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Book Outline in Thirteen Chapters

Calvin Luther Martin, PhD
Associate Professor of History (retired)
Rutgers University

Updated November 17, 2009

The following contains profanity, vulgarity, and obscenity.
None of it gratuitous or slovenly used but, rather, used
because the Big Wind Onslaught is so outrageous that
precisely this rich imagery is inevitable and, yes, appropriate.
When you, too, are forced to abandon your home to turbines,
you will see my point. Keep this image—abandoned home—
before you as you read.

Yesterday I turned 61. I’ve been fighting the wind bastards well over 4 years. Four years devoted to almost nothing else. Put a big book on hold with Yale Univ. Press for this. In those years I’ve answered thousands of emails from people around the world. Japan. Cyprus. Norway. Sweden. Czechoslovakia. Australia. New Zealand. Ireland. England. Wales. France. Canada. Many states of the Union. On and on.

In those years, which included years of fighting the wind thugs in three or four different iterations in my backyard and beating the sons of bitches (at least for now), I’ve learned some valuable lessons. I oughta write a book.

Download full .PDF here. How to Fight the Big Wind Onslaught

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Experts say be careful on wind deals

By MARY GOLEM,
SUN TIMES CORRESPONDENT
January 15, 2011

Farmers at a wind energy information session in Elmwood this week went home with a clear message: Make sure you know what you are signing if asked to lease land for wind turbines.

Both Ted Cowan, an Ontario Federation of Agriculture energy and taxation specialist and Paisley lawyer Patrick Kelly told about 120 farmers at Tuesday’s meeting “there are too many unknowns” surrounding lease agreements for wind energy projects.

Elmwood-area farmer Byron Monk, and others in the Elmwood area, have been approached in recent weeks by wind energy companies to sign leases.

Monk, who told those at the meeting he’s not against wind energy projects, said he’s interested in the compensation such projects offer farmers but “needs to know a whole lot more information” before proceeding.

“That’s why I thought we’d get some farmers and landowners together here today that could be affected by this and try to learn something,” Monk said. He added he’s been told that one company has plans to erect 100 to 125 turbines in the area.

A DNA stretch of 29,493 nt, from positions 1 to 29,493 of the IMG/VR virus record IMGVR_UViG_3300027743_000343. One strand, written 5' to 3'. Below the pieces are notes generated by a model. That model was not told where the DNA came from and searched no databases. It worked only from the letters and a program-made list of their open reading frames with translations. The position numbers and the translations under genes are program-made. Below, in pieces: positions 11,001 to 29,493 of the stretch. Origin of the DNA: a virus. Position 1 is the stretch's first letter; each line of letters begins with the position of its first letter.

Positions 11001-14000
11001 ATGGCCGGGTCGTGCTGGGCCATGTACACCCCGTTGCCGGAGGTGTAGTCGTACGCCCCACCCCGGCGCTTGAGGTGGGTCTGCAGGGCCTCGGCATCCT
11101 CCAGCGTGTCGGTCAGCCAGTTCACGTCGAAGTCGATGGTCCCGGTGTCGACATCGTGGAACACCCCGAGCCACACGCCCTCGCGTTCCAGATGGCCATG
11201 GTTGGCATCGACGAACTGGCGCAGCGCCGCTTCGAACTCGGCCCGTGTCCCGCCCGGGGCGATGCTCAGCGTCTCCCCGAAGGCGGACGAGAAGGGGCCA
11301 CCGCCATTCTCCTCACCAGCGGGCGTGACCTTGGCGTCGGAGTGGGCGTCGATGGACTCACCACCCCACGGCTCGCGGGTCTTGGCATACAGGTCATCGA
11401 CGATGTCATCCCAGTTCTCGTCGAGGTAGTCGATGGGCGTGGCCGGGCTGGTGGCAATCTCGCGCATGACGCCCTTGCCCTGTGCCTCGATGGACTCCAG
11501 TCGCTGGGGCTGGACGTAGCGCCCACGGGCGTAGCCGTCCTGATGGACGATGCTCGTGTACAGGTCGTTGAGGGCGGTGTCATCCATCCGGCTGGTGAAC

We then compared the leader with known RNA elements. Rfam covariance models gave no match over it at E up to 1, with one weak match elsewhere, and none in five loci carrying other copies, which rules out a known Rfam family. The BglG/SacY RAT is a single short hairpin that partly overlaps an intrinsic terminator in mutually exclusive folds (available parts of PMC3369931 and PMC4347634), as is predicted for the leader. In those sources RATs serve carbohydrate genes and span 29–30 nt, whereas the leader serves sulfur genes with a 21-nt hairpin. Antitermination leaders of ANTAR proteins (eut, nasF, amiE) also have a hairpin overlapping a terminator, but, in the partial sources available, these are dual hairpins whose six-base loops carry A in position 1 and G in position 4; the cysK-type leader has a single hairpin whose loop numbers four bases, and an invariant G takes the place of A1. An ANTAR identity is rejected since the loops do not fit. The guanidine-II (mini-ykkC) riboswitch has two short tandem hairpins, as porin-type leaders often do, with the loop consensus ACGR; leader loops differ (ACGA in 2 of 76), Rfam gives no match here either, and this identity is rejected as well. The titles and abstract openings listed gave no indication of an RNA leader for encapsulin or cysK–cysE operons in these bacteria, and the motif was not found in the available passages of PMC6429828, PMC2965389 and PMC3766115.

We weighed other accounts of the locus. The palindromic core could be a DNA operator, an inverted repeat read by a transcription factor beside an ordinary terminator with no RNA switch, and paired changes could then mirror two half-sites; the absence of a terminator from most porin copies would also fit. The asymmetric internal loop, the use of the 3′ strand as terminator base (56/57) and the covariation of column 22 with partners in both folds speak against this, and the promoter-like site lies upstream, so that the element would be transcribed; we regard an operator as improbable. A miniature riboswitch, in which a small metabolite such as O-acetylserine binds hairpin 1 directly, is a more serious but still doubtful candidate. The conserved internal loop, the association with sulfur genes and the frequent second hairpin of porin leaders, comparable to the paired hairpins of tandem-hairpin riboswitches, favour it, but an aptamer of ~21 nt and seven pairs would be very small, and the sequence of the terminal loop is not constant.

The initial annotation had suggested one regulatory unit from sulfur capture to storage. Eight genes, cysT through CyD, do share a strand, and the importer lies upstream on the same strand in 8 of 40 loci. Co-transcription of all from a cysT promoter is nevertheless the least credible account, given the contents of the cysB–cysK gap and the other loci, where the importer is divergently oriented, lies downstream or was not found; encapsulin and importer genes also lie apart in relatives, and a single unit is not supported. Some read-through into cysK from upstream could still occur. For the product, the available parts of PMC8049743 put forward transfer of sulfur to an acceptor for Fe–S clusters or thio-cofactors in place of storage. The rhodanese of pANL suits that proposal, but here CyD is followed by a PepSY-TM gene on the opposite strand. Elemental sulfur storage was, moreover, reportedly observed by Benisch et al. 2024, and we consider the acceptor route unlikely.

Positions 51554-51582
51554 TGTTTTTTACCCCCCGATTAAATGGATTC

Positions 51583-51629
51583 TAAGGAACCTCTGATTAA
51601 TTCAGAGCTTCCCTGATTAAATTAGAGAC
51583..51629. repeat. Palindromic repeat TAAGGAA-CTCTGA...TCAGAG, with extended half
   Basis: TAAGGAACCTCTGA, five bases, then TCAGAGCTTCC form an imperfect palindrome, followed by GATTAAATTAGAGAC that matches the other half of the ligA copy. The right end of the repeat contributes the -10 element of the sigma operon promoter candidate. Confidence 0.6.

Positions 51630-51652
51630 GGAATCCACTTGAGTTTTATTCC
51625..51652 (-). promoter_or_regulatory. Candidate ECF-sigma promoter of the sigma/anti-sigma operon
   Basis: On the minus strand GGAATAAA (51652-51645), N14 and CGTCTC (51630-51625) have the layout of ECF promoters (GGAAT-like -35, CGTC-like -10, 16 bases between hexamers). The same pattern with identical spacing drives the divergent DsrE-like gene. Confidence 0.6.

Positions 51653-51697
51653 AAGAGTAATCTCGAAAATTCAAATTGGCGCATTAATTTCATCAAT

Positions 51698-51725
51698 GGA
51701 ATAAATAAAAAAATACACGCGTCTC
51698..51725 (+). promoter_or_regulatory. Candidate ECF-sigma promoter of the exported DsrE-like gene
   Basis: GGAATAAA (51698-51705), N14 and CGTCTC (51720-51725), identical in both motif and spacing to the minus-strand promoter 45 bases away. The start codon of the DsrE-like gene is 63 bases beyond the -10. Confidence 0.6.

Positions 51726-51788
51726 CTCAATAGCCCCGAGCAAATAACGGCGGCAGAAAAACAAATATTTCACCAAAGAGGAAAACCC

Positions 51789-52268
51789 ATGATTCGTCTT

Before addressing the crowd, Cowan handed out a two-page list of more than 30 items he said they “must consider” before signing anything.

Complete Story

…he’s [Byron Monk] been told that one company has plans to erect 100 to 125 turbines in the area.

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By Mary Golem
QMI AGENCY

June 1st, 2010

Arran Elderslie and representatives of its neighbouring municipalities “will wait and see” what level of support there is from municipalities across Ontario before proceeding with any further opposition to wind energy projects.

Arran Elderslie recently passed a bylaw to amend the municipal code in order to invoke a section of the Canadian Charter of Rights and Freedoms in an attempt to block wind turbine development within the municipality. However, when Arran Elderslie attempted to circulate the bylaw to all Ontario municipalities through AMO (the Association of Municipalities of Ontario) “we encountered a roadblock,” Arran-Elderslie chief administrative officer (CAO) -clerk A.P. Crawford told a special council meeting in Chesley Thursday night. “AMO declined to circulate it for policy reasons,” Crawford told members of Arran-Elderslie council, as well as representatives of Grey Highlands, West Grey, Georgian Bluffs, Huron-Kinloss, South Bruce and Chatsworth councils who were invited to the meeting to discuss their opposition to wind energy projects.

“That’s pretty interesting,” Chatsworth mayor Howard Greig and West Grey mayor Kevin Eccles responded, both saying they had never heard of such a refusal.

Instead of AMO circulating the bylaw, Crawford was instead offered the mailing list at a reduced cost and had to do it herself, a tedious process that took considerable time and as a result, the bylaw did not get sent to all Ontario municipalities until last Friday.

Complete Story

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By Paul Jankowski
SUN TIMES STAFF

June 2nd, 2010

Grey County staffers are still investigating drawing up a bylaw that would protect residents from health effects of wind turbines.